268784 Workforce depression and job performance: Making maximum use of health and productivity information

Monday, October 29, 2012

Kimberly Jinnett, PhD , Integrated Benefits Institute, San Francisco, CA
This study examines how comorbid depression affects job performance among individuals who are being treated for a variety of chronic conditions and also analyzes the effects of health risk status on job performance for a subsample of employees with depression. The study used retrospective observational data over a 29-month period, including medical and pharmacy administrative claims and self-reported health risk appraisal (HRA) survey data. The medical and pharmacy claims-based identification criteria required an employee to have at least one physician visit, emergency department visit or inpatient stay with a condition-related ICD-9-CM diagnosis and at least one condition-related pharmacy prescription fill within a maximum of 18 months preceding the HPA completion date. The HRA survey used in this study contains a standard set of medical, lifestyle, and health risk indicators, along with items that capture self-reported data on chronic health conditions, absence, and job performance. About 8% to 9% of employees in the condition-medication subgroups had depression comorbidity. The study found that depression co-morbidity was significantly associated with a decline in job performance after controlling for age, gender, race/ethnicity, marital status, occupational class, number of chronic comorbidities, average paid medical and pharmacy claims per month, and health risk status. Among those with depression, high and medium health risk exhibited a significant influence on job performance compared to the low risk group. Functional outcomes including job performance measures can be used in concert with information on co-morbidities and health risks to develop holistic health management approaches for individuals with depression.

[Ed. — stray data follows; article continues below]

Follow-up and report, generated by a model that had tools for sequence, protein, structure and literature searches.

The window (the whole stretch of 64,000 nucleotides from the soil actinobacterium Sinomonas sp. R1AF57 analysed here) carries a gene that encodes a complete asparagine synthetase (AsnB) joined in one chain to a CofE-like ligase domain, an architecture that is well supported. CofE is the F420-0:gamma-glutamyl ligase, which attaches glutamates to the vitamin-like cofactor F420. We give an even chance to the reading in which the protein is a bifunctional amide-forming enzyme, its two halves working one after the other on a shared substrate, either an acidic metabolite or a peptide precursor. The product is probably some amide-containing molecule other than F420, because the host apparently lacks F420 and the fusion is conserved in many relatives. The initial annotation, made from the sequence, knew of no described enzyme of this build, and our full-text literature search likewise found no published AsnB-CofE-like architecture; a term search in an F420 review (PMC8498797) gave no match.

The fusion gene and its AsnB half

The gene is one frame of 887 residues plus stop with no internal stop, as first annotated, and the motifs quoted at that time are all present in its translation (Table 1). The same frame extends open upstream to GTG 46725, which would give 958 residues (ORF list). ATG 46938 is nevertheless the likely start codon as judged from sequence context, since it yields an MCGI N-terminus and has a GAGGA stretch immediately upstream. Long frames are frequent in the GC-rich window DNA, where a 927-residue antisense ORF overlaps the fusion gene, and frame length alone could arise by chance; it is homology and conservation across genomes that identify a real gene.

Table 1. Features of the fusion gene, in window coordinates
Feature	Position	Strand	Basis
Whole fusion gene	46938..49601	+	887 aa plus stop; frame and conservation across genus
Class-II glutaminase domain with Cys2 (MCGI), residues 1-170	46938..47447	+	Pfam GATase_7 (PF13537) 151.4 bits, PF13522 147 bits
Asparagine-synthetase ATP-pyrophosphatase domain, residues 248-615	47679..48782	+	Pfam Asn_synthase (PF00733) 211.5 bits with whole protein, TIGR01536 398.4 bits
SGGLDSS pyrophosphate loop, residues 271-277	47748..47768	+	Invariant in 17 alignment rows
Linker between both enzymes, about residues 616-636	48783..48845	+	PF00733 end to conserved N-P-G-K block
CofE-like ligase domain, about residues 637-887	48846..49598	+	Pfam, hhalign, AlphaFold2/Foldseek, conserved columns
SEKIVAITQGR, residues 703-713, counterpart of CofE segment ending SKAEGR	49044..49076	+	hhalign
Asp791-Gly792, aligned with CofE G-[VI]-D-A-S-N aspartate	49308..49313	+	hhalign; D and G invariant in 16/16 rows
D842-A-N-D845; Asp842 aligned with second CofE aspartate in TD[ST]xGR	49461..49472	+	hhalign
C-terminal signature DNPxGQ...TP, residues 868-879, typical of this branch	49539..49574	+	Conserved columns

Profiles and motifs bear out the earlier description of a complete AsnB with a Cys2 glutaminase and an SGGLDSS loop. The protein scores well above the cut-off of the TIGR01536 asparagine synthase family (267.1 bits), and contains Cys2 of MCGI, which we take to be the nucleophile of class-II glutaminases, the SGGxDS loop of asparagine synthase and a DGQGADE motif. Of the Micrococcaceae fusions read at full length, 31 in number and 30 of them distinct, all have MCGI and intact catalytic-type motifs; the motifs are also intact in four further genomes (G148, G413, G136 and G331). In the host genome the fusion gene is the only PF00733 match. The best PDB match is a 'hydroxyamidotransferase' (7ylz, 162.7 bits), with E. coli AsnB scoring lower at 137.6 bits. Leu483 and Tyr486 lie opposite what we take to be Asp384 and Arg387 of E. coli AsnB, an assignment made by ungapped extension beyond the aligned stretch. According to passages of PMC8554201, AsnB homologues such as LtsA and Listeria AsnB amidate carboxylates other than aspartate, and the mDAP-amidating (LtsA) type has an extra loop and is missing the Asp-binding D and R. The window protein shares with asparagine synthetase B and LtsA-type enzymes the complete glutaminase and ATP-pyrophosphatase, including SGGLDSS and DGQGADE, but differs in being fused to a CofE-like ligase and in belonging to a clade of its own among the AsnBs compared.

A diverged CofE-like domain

Learning Areas:
Chronic disease management and prevention

Learning Objectives:
Identify the prevalence of depression co-morbidity among a sub-sample of individuals in treatment for the following chronic conditions: type 2 diabetes, coronary artery disease, hypertension. Demonstrate the effects of having a depression co-morbidity on job performance. Explain the effects of health risk levels (low, medium and high) on job performance among a sub-sample of individuals with depression.

Keywords: Depression, Performance Measurement

Presenting author's disclosure statement:

Qualified on the content I am responsible for because: I have been a lead researcher on the study covered in the Abstract and have been conducting research on health and productivity for more than seven years. In addition, I have conducted research and/or published across a wide-variety of health services research areas since 1993.
Any relevant financial relationships? No

I agree to comply with the American Public Health Association Conflict of Interest and Commercial Support Guidelines, and to disclose to the participants any off-label or experimental uses of a commercial product or service discussed in my presentation.